Newfoundland has one of Canada’s lowest immigration retention rates, while its startup hub is breaking records for inclusiveness and diversity - New Canadian Media
Laura Aguirre Polo (furthest right) with other female leaders and entrepreneurs who are driving the growth and diversity of St. John's technology ecosystem. Photo taken at techNL's Innovation Week.

Newfoundland has one of Canada’s lowest immigration retention rates, while its startup hub is breaking records for inclusiveness and diversity

Genesis has helped develop some of Canada’s most successful companies while promoting a sense of belonging.

Newfoundland and Labrador has one of Canada’s lowest immigrant retention rates, yet the province’s innovation hub is seeing a record-breaking level of newcomers and women who are working on building high-tech businesses.

At 47.8 per cent, Newfoundland and Labrador’s newcomer retention rate only ranks above PEI when considering immigrants admitted from 2015 onward, according to Statistics Canada. (PEI has a 28 per cent retention rate.) 

All Atlantic provinces significantly lag behind Ontario (92.0 per cent), British Columbia (86.5 per cent), and Alberta, with 84.5 per cent. 

Yet, in St. John’s, Genesis, Memorial University’s innovation hub, has achieved record diversity indicators. 

According to their official data, more than half of the startups participating in Genesis’ three-year incubator program, Enterprise, are founded by Newcomers to Canada. In another diversity indicator, techNL estimated that 40 per cent of the companies in the hub are led by women. 

A key contributor to Genesis’s success is Laura Aguirre Polo, who is originally from Colombia. At Genesis, Aguirre Polo is a Success Manager with a focus on belonging. 

A native of Bogotá, Aguirre Polo went to university in Salt Lake City, Utah, before moving to St. John’s to continue with her studies.  

“There is a very solid sense of belonging here, one that I haven’t found in other places. People are very kind and welcoming, and they genuinely want to help and will help when they can,” says Aguirre Polo.

Genesis has helped develop some of Canada’s most successful companies, like Verafin, a technology company focused on developing anti-money laundering and fraud detection solutions. Verafin was sold to NASDAQ for $2.75 billion US, the largest private acquisition of a Canadian technology company at the time. 

Overall, Genesis has helped spur the creation of more than 2,500 jobs and boost companies that generate more than $250 million in annual revenue. 

Genesis is not Aguirre Polo’s first foray into working with newcomers, or into figuring out ways to bolster diversity and inclusion initiatives. Before Genesis, she worked with the Nunatsiavut Inuit communities in Labrador, and she was a project lead for the first anti-human trafficking program for newcomers in the province. 

These experiences help her understand what communities need to feel included, a critical factor that has helped Genesis foster a collaborative environment that helps people to succeed, and therefore, enables them to stay.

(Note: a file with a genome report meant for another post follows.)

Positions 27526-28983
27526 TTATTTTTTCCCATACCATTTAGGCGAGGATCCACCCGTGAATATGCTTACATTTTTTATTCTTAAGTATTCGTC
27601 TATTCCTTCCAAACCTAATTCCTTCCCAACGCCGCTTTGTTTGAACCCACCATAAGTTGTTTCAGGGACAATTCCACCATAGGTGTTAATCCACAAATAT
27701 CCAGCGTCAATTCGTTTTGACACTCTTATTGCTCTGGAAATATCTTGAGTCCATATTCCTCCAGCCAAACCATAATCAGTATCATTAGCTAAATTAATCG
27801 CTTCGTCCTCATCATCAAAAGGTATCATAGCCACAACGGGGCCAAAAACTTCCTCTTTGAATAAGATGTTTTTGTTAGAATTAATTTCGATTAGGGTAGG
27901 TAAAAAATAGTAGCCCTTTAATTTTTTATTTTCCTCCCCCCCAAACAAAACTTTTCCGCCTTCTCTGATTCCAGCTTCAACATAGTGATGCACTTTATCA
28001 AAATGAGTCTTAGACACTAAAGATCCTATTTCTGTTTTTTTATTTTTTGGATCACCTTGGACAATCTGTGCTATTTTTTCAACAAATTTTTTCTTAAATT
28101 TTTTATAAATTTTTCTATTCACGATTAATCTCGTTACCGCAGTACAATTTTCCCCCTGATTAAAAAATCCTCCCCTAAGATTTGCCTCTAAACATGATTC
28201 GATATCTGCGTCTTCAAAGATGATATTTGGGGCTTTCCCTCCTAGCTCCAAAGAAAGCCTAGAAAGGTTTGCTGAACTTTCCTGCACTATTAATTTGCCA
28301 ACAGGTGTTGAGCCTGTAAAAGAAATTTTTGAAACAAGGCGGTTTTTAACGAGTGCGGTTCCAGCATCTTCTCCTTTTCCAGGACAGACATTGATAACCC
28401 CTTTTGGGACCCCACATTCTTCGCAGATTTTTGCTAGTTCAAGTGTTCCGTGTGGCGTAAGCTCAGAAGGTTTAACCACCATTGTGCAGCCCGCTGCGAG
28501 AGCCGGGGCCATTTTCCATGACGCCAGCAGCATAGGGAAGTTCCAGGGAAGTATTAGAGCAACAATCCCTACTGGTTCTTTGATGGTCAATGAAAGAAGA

“A strategy that has helped us attract and retain clients from historically underrepresented groups is to meet these entrepreneurs where they are and actively seek out ways to support them,” says Aguirre Polo. “Genesis offers a standard range of amazing support and services to all clients, but we recognize that each venture is led by entrepreneurs with unique life stories, opportunities, and challenges. To truly support them, it is often necessary to provide tailored support that addresses their specific needs and circumstances.”

By looking at the human face behind the venture, Genesis is able to provide founders with the support they need to navigate the complexities of the Canadian immigration system, access mental health resources, enhance their leadership skills, connect with funders, and expand their business network. Aguirre Polo emphasizes how addressing the founders’ top concerns helps remove the stress from their lives, which further unleashes their potential.

“We have the mission of helping build amazing tech companies,” she says, while at the same time, highlighting how there are several factors that can influence a founder’s success, many of which are not related to their business. Several times, these constraints have to do with the founder’s migratory situation and how it might limit what the founders are able to accomplish. 

Despite the challenges, the innovations being developed at Genesis could have a significant impact beyond St. John’s. Some of these solutions, if scaled, could have a worldwide influence. And one of the reasons why this is possible is because of the collaboration between people from all over the world, which is what keeps Aguirre Polo and her team at Genesis going. 


Javier Ortega-Araiza is a  New Canadian Media correspondent based in Toronto. This story and photo are part of a partnership between SaltWire and New Canadian Media.

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Javier Ortega-Araiza has multiple global experiences as a storyteller and social entrepreneur having travelled to over 30 countries. Now based in Toronto, he is a published author in both English and Spanish." 


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